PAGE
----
This Monday, January 16, 2023, the Court of First Instance of Tunis was expecting a busy day. The morning was to see the call to the bar of Imed Trabelsi, favourite nephew of Leyla Trabelsi Ben Ali, wife of the deposed president Zine el-Abidine Ben Ali. He was brought from the prison where he has been languishing for 12 years to appear in a corruption case. Then was the scheduled hearing of Taoufik Baccar, former governor of the Central Bank from 2004 to 2011. Other important cases were also to be examined.
However, taking three and a half hours from 10am to 13.30, the president of the specialized criminal chamber of Tunis postponed the 16 cases of the day to April 3. They are all as complex as each other, and many have been open for nearly five years. Some deal with serious violations of human rights, including the story of Hedi Boutib, an Islamist student killed in 1990 by the university police, and the case of the Tunisian Jewish community, on grounds of discrimination in the field of health. But the majority of the crimes relate to financial embezzlement, corruption in the banking sector and misappropriation of public property involving Ben Ali's family, his allies and the businessmen in his inner circle.
The court president’s adjournments respond to the requests of the defendants’ lawyers, those of the civil parties or to the requests of the State legal department head, otherwise it was the judge herself who noted the absence of the lawyers of some victims or defendants. The judge announced additional hearings in camera in the case of wealthy businessman Chafik Jarraya, also brought from prison where he has been since 2017. But neither the representatives of the Jews of Tunisia, nor the family of Hedi Boutib attended this hearing. In reality, the judicial process of the post-dictatorship in Tunisia is dragging on, threatened by a clear desire to bury it. Not many people believe in it any more.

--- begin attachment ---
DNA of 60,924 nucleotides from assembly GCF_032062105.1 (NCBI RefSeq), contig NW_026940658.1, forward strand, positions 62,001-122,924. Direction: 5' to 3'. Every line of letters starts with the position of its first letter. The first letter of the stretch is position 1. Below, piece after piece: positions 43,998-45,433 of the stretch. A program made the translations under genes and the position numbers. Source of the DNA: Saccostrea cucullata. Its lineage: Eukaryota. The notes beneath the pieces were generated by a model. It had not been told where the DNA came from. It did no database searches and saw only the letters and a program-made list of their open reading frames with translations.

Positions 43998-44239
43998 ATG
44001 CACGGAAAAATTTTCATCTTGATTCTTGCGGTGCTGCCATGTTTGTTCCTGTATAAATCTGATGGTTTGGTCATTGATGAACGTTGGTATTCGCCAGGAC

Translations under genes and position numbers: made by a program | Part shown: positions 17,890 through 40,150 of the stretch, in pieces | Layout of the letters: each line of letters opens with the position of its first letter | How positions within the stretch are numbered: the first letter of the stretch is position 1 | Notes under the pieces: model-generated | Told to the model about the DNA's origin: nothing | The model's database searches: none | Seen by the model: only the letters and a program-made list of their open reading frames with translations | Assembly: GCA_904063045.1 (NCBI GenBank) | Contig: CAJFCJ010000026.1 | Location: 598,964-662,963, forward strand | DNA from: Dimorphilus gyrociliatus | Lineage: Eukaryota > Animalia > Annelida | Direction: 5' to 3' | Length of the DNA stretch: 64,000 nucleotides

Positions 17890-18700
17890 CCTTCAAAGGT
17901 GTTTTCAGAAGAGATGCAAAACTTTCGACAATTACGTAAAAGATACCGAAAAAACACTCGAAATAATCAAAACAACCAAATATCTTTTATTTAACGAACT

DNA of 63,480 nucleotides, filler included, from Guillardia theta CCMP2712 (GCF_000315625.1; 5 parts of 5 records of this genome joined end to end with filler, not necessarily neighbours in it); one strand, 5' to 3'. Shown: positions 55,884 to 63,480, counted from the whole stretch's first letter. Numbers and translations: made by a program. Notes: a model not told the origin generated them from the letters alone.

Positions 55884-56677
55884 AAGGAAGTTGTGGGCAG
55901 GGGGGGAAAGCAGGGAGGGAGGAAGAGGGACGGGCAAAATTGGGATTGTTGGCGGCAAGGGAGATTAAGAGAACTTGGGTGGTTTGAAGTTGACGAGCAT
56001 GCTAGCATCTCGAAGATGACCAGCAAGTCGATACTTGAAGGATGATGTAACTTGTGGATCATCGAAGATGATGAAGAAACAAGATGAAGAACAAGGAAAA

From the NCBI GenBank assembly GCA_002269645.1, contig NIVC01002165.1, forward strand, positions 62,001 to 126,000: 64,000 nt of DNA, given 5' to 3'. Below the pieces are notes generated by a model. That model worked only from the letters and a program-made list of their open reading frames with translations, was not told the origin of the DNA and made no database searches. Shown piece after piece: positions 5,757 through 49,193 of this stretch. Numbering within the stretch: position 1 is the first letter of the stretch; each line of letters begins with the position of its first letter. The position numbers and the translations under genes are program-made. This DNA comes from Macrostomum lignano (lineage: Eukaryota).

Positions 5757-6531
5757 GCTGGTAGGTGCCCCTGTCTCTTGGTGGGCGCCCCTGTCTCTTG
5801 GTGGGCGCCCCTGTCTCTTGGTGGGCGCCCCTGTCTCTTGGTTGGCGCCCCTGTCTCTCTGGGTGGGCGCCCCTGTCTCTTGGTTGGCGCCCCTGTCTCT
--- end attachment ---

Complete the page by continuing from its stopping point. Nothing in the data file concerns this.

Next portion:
None of the 205 cases investigated by the Truth and Dignity Commission (IVD), inaugurated in May 2018, transferred to the 13 criminal chambers specialized in transitional justice has so far resulted in a verdict. They involve 1,746 alleged perpetrators. The difficulties of this obstacle course frustrate and even cause despair for the majority of victims. For Sihem Bensedrine, former president of the IVD, "opening all the files at once leads nowhere. The incessant postponement amounts to a denial of justice for the victims".
In a report published in December 2020, several national and international organizations including the Association of Tunisian Magistrates, the World Organization Against Torture and the International Commission of Jurists, denounced work overload of the magistrates of these chambers who must, devoid of any logistics, also deal with ordinary justice cases. They noted that the method of appointing judges by annual rotation disrupted the work of these bodies, transferred experienced judges to other jurisdictions and led to long delays between hearings, sometimes up to six months, while the quorums of judges in the specialized chambers were constituted.
"On the side of the accused, they are continuing delaying tactics so as to extend the trial time in the hope that President Kaïs Saïed publishes a decree cancelling the existence of specialized chambers. For nearly five years, they have been relentlessly using blocking tactics: either the defendant does not appear before the court, or his lawyer is not there," says Hamza Ben Nasr, transitional justice coordinator at the NGO Lawyers Without Borders. At the January 16 hearing, the State legal department head, who defends the State's economic interests in court, and several lawyers for the defendants did ask several times for a postponement of the hearing to examine and respond to the cases, but the victims' lawyers did not seem ready either to plead and move the process forward.
Weaknesses among victims' lawyers
Even when magistrates declare they are ready to hear the lawyers’ pleas, the latter do not respond. For example, the president of the specialized chamber of Kef, 175 km west of Tunis, announced last April to the heirs of Nabil Barakati, a trade unionist and extreme left-wing activist assassinated in 1987, that she was reserving the next hearing for pleadings. But the lawyers for the civil parties were not ready to present their final arguments.